Maertens was supported in his position by the coincidental discovery on February 2, in a British bomber downed at Rotterdam, of a new type of radar. It was based on the cavity magnetron, a block of copper with eight cylindrical holes bored in it parallel to and around a central axis. These hollows enabled the radar to operate on a wavelength of 9.7 centimeters, much shorter than the earlier 1.5 meters. Because its wavelength was measured in centimeters, the device was called “centimetric radar.” It gave the British two advantages: it depicted objects—coastlines, buildings—on the radar screen, which the older radar could not do, and the U-boats’ radar warning receivers, which were tuned to the longer wavelength, could not detect it. With centimetric radar, British airplanes could thus locate surfaced U-boats from a distance without alerting the submarines and could attack them by surprise. The Royal Air Force Coastal Command had begun doing just this with some success against U-boats traversing the Bay of Biscay. Though Dönitz had as yet no evidence that centimetric radar was being used in the Battle of the Atlantic, the use of this powerful new weapon could not be excluded.

So Dönitz accepted Maertens’s view that Kriegsmarine ciphers were secure and that the leaks were elsewhere. “With the exception of two or three doubtful cases,” he confided to his war diary, “enemy information about the position of our U-boats appears to have been obtained mainly from extensive use of airborne radar, and the resultant plotting of these positions has enabled him [the enemy] to organize effective diversion of convoy traffic.” And when SC 127 circumvented a wolfpack, he gave as the most probable reason that “the enemy has an extraordinary location device, usable from airplanes, whose effect cannot be observed by our boats.”

Nevertheless, suspicion that the Allies were solving naval Enigma messages would not die. Dönitz tried to reconcile his concern with Maertens’s reassurances, but he was not always able to. On April 27, as SC 127 was slogging across the ocean, the Allies, in a U-boat situation report that the B-Dienst solved, reported five U-boats within a 150-mile radius of 50° north, 34° west. “For some time resupplying has been carried out here,” Dönitz noted. “It remains disquieting that they were suspected precisely in the area in which no radioing had been done for several days.”

A few days later, Dönitz, for reasons that went beyond his fears about cryptosecurity, fired Maertens, sending him to Kiel to run a shipyard. He replaced him with the glass-eyed Captain Ludwig Stummel, Maertens’s chief of staff, promoting him to rear admiral. Stummel maintained, as always, that Enigma “had, on the basis of repeated and thorough investigations, proved itself up to the present as unbreakable and militarily resistant.” Dönitz apparently believed him, for in June he was telling the Japanese ambassador that U-boat losses were due to a new Allied direction-finding system.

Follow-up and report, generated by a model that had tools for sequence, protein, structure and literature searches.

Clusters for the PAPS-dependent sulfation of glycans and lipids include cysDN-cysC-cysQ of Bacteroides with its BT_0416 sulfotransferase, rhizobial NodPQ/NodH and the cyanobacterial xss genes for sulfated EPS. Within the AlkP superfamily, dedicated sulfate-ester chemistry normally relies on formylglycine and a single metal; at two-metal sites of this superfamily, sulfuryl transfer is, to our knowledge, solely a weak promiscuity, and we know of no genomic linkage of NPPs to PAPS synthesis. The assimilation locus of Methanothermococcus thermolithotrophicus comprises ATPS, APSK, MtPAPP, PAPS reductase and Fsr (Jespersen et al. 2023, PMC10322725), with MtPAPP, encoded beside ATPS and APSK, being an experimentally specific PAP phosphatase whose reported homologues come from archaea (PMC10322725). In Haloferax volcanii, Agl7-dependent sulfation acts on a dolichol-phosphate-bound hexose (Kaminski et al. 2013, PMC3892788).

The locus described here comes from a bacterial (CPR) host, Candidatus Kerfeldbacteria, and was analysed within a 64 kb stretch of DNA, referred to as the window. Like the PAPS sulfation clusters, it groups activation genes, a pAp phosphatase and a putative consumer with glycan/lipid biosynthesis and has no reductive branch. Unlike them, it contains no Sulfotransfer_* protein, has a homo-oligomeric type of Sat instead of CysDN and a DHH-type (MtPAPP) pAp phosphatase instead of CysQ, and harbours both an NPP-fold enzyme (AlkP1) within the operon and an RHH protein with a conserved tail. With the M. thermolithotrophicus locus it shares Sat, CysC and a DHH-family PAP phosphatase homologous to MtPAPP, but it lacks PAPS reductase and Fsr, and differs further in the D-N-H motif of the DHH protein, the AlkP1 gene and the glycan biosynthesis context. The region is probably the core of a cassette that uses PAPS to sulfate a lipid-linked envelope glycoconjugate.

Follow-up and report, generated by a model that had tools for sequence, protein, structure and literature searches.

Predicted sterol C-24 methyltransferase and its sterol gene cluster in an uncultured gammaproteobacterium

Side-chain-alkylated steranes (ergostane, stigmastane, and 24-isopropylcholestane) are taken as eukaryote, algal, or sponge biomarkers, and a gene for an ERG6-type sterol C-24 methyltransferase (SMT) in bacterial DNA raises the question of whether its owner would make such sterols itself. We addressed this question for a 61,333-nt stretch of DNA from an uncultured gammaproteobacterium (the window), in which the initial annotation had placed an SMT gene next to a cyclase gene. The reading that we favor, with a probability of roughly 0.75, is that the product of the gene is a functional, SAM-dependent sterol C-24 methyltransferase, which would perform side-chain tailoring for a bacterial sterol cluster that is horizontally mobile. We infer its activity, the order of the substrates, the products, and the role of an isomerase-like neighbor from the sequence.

Despite his claims, Stummel began in 1944 to prepare a measure that would carry the Kriegsmarine’s basic cryptosecurity principle to its logical conclusion. By subdividing the navy’s cryptosystem into as many key nets as necessary, Stummel sought to reduce the number of messages in a common key. As the volume of traffic grew, Enigma key nets had expanded from one in the early 1930s to separate home and foreign key nets and to the addition of a U-boat net and many others by 1943, when traffic averaged 2,563 radio messages a day. Now Stummel proposed to give each U-boat its own key.

Individual keys were issued to some submarines shortly after D-Day, June 6, 1944; they began to be widely used in November, and by February 1945 they were carrying practically all the operational traffic of the U-Boat Command. In that month, Dönitz told Hitler that Allied knowledge of wolfpacks came from radar and betrayal. By then Stummel had also been ousted, but his program of individual keys justified his faith in Enigma: G.C.&C.S. solved only three keys for brief periods. Perhaps not coincidentally, sinkings rose steadily from November 1944 to April 1945 in the North Atlantic and North Sea, although the absolute number remained small. Solution of these individual keys would have required a great increase in personnel and in bombes, but G.C.&C.S. felt confident that it would have been able to do it. Germany’s surrender saved it from this test.